- UK Websites for Parish Records - Links to online genealogical records
- Online Genealogical Index - Links to online genealogical records
- Tinstaafl Baptism Project 1813 to 1880
Non-Conformists (All other Religions)[edit | edit source]
- 1717 England & Wales, Roman Catholics, 1717 at FindMyPast ($), index and images (coverage may vary)
- 1613-1901 England, Norfolk Non-conformist Records, 1613-1901 at FamilySearch - How to Use this Collection; index (dates may vary by parish)
Census Records[edit | edit source]
Census records from 1841 to 1911 are available online. For access, see England Census. Census records from 1841 to 1891 are also available on film through a Family History Center or at the Family History Library.
Poor Law Unions[edit | edit source]
Walsingham Union was incorporated under the terms of the 1834 Act, and the union workhouse was built at Great Snoring, but not completed until 1838. The Walsingham Union Workhouse at Great Snoring was opened in 1838. It was situated close to the boundary between the parishes of Great Snoring and Thursford and was sometimes known as Thursford Workhouse. Poor Law Unions were abolished in 1930 and the responsibilities of Walsingham Union Board of Guardians were taken over by Norfolk County Council Guardians' Committee No. 7. From 1930 the former Workhouse became known as Walsingham Public Assistance Institution. On 26 and 27 June 1934 the remaining thirty inmates (including two infants but no children) were transferred to West Beckham and Gressenhall Institutions and Walsingham Institution officially closed on 30 June 1934. The building was subsequently adapted for use as a smallpox hospital. By 1976 the building was derelict and was demolished in the early 1990s.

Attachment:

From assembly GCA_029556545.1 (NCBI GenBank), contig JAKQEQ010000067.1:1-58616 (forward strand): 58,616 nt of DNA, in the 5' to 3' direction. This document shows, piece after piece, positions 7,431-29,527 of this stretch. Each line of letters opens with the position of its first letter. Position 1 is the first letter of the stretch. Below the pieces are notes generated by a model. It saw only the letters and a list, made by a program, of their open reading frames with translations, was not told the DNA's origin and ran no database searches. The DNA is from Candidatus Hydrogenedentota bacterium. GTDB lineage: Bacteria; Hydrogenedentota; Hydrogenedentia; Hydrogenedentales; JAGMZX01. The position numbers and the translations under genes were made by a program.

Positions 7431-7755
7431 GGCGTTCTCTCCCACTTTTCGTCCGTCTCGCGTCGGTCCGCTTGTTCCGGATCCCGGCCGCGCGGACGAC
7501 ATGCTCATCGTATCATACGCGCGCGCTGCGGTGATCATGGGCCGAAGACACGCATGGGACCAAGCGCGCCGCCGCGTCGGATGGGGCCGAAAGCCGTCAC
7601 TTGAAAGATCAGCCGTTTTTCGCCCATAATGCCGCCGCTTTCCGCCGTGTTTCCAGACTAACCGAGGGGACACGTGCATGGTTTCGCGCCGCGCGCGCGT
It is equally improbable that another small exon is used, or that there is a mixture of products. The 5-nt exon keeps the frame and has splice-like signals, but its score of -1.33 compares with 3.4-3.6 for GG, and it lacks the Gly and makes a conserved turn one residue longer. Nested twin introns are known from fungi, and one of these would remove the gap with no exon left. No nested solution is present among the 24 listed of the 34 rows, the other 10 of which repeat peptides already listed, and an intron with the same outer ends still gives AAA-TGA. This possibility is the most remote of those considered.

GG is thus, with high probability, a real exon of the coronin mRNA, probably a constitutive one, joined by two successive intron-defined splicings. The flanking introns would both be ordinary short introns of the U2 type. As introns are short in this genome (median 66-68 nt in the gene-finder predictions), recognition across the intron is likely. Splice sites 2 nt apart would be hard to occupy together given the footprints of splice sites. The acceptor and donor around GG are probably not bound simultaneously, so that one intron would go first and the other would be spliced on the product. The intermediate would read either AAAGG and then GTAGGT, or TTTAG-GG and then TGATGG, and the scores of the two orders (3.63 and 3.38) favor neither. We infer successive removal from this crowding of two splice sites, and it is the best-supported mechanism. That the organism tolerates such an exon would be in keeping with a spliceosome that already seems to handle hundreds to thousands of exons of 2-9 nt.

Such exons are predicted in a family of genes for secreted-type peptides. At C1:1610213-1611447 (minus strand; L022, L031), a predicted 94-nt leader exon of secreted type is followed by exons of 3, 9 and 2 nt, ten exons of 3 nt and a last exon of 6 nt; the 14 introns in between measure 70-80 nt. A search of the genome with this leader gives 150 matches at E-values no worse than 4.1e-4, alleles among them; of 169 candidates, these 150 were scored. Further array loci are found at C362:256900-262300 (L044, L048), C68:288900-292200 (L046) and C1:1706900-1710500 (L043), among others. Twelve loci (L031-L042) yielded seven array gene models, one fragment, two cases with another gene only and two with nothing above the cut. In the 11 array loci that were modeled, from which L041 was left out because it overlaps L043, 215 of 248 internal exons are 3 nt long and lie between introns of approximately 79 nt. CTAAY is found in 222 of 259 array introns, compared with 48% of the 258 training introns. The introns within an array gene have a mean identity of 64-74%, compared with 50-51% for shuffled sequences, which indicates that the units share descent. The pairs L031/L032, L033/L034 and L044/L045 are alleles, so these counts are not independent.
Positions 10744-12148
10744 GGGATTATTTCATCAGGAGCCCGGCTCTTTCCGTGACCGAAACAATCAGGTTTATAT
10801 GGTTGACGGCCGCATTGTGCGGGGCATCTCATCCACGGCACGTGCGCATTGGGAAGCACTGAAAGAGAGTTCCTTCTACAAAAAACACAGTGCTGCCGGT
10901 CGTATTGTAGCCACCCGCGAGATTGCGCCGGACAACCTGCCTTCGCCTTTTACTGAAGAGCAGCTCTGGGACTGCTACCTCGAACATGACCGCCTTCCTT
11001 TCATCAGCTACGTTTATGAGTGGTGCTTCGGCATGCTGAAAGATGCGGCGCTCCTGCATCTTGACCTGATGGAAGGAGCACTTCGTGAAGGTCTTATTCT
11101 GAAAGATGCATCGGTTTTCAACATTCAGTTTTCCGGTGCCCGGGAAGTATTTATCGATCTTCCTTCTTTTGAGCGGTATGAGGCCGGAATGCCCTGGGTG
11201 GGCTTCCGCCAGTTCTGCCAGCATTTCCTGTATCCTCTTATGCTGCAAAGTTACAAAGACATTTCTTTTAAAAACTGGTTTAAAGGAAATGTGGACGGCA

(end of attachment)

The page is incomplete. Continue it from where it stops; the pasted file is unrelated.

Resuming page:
Acquisition Received by the Norfolk Record Office on 26 February 1982 (C/GP 19/192-198) and on unknown dates.
Copies C/GP19/1-6, 131, 133-135, 137, 141, 143-146, 148, 150-151, 173-181 are on microfilm.
RelatedMaterial For records of Guardians Committee No. 7 (including the administration of Red House Children's Home in Little Snoring and the boarding-out of children), see C/GC 7. See Public Assistance Sub-Committee minutes, 11 July 1934 and 12 September 1934, C/C 10/455. The records of the County Architect's Department include plans of the alterations for use as a smallpox hospital dated February 1937, see C/AR 1/29-31. The one inch to one mile Ordnance Survey Map of 1954 designates the building 'smallpox hospital'.
Probate Records[edit | edit source]
Records of wills, administrations, inventories, indexes, etc. were filed by the court with jurisdiction over this parish. Go to Norfolk Probate Records to find the name of the court having primary jurisdiction. Scroll down in the article to the section Court Jurisdictions by Parish.
Maps and Gazetteers[edit | edit source]
Maps are a visual look at the locations in England. Gazetteers contain brief summaries about a place.
Websites[edit | edit source]
- Norfolk: Wighton GenUKI
- Wighton All Saints A Church Near You
- History and Photos of the Church Flickr by Barry Slemnings
- Wighton All Saints Photo Jermy family history and other village history
- Wighton North Norfolk Images
- Church of All Saints British listed Buildings
- Wighton Norfolk Churches
References[edit | edit source]
- Lewis, Samuel A.,A Topographical Dictionary of England(1848), pp. 571-575. Date accessed: 12 August 2013.